“ 1) Emblazoned over the Speaker of the House in the US Capitol are the words "In God We Trust;" 2) The Supreme Court building built in the 1930's has carvings of Moses and the Ten Commandments, 3) The liberty bell has a Bible verse engraved on it.” (More are listed in my reference 6).”

So why then did our founding fathers feel the need to talk about separation of church and state? The pilgrims were forced to leave Europe due to religious oppression from the state and “state church” and they did not want to experience the same thing in their new nation. I like the way my reference 6 puts it: “The pilgrims were ultimately forced to leave Europe and flee to the land we now know as America because of persecution and oppression. This persecution and oppression was a result of the Church of England, the Anglican Church, becoming the state church. It was an unholy alliance giving more power to both the church and the state to control the people. 

The Anglican Church was a denominational church that persecuted religious nonconformists like the Puritans that just wanted to believe in the Bible and worship accordingly. As such they were not really a denomination. They were more of a doctrinal religion. In this case the denominational religion was the evil and the doctrinal religious group was the victim.”

For the sake of my argument, let’s define the words doctrinal and denominational, as I understand them from this paragraph. Doctrinal means to be concerned with the teachings of a particular faith (e.g. Christians are doctrinally concerned with the Bible). Denomination is a particular sect of a particular faith (e.g. Catholic, Baptist, Presbyterian Christians have different teachings about the Bible).

Continuing on from the same reference: “Our framers feared a state denominational church based upon European history. The constitutional restrictions were targeted at our government to prevent it from making a denominational religion the state church. We actually embraced the Christian Theism doctrinal religion as the state religion. Now we are rejecting any expression or symbol of our doctrinal religion, which our framers embraced. We are treating the doctrinal religion of our heritage like a virus that must be expunged from the public square. We also have inverted the original intent of the "Separation of Church and State" metaphor6.”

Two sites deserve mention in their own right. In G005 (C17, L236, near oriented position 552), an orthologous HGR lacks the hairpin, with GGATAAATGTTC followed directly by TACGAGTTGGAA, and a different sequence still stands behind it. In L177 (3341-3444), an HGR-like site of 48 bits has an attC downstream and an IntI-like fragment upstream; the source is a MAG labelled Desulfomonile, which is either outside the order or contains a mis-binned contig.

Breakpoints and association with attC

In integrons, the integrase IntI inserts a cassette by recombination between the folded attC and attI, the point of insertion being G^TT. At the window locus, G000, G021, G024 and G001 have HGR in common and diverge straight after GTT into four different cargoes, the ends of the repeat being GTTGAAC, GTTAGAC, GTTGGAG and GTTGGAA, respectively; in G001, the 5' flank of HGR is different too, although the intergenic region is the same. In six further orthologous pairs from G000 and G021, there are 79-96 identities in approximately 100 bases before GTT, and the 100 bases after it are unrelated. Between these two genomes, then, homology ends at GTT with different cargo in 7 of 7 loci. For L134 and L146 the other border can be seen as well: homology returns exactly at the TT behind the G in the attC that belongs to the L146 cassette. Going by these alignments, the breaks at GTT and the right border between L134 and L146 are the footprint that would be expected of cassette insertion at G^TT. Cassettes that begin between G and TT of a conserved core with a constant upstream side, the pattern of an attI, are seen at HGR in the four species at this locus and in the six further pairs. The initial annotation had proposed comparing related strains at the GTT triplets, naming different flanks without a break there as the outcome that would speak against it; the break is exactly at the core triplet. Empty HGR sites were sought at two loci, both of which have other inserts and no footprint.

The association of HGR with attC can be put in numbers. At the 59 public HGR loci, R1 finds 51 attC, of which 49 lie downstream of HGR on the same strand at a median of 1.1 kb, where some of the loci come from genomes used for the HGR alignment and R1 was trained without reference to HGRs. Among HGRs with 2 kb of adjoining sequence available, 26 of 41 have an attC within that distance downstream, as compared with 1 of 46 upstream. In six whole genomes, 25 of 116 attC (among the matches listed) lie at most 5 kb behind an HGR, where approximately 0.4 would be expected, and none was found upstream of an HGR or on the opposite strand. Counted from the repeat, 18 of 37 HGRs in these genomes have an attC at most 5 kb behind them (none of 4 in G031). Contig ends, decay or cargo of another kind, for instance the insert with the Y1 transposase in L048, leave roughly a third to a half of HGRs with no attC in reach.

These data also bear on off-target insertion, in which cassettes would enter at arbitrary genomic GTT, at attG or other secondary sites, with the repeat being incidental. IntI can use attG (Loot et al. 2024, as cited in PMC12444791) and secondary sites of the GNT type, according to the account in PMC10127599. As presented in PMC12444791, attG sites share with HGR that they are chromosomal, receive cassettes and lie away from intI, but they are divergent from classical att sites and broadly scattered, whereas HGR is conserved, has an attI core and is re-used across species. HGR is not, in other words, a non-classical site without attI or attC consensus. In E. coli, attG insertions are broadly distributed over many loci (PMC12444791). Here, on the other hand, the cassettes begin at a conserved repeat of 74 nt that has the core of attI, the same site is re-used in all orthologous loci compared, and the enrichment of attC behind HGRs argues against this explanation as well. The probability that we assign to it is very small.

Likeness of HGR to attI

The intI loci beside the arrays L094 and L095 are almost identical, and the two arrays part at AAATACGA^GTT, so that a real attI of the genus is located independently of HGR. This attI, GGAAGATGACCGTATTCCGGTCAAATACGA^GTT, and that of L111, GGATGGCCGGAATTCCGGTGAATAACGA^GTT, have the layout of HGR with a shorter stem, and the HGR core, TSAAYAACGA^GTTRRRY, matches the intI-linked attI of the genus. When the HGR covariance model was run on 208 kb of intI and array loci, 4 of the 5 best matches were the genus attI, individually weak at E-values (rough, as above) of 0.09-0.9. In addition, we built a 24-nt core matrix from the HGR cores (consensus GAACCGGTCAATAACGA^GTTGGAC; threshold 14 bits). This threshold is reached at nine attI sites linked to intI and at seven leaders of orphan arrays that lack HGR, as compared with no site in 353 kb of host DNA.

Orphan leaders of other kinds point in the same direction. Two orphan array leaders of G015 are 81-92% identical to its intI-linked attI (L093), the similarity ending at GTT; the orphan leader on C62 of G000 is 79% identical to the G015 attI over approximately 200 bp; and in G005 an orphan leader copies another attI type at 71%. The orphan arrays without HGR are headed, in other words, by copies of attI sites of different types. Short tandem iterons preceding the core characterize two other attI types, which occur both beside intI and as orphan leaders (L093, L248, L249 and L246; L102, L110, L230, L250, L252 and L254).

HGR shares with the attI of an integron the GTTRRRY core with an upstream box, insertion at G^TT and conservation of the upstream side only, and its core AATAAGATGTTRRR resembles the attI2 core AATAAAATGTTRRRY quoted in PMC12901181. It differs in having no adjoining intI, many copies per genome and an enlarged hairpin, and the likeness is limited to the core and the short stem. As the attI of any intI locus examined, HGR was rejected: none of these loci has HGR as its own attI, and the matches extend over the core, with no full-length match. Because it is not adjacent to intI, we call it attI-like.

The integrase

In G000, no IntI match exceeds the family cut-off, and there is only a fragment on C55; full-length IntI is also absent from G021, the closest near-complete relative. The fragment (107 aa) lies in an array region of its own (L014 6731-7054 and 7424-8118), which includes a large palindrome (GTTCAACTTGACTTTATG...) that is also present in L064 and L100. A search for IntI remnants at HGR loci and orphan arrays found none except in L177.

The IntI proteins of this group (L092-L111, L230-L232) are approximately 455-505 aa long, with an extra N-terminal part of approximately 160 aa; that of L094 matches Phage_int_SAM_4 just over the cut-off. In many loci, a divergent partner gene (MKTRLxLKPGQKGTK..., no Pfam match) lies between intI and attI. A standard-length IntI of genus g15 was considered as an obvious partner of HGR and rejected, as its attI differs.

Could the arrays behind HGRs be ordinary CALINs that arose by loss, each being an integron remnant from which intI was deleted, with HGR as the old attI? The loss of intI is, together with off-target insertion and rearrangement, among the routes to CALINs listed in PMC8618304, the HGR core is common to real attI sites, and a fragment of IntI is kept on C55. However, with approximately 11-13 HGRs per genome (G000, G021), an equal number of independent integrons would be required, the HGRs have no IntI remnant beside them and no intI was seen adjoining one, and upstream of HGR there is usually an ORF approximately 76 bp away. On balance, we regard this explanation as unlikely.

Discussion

Lastly, know that yes I am a Christian. I believe with all my heart that I am a sinner and that Jesus Christ is my Savior. But I have only been a Christian for six years, so was not raised with this worldview. When I was 21 years old I came to faith in Jesus Christ and have been studying the Bible and topics like these ever since. Prior to coming to faith in Christ, I held many of the views of those that are debating against me. I highly recommend reading the references that I have noted below. They provide much insight to this topic. See also reference 7, which provides an interesting perspective on mixing church and state that I did not specifically write about in my argument (mainly because I am so tired and can’t focus anymore!)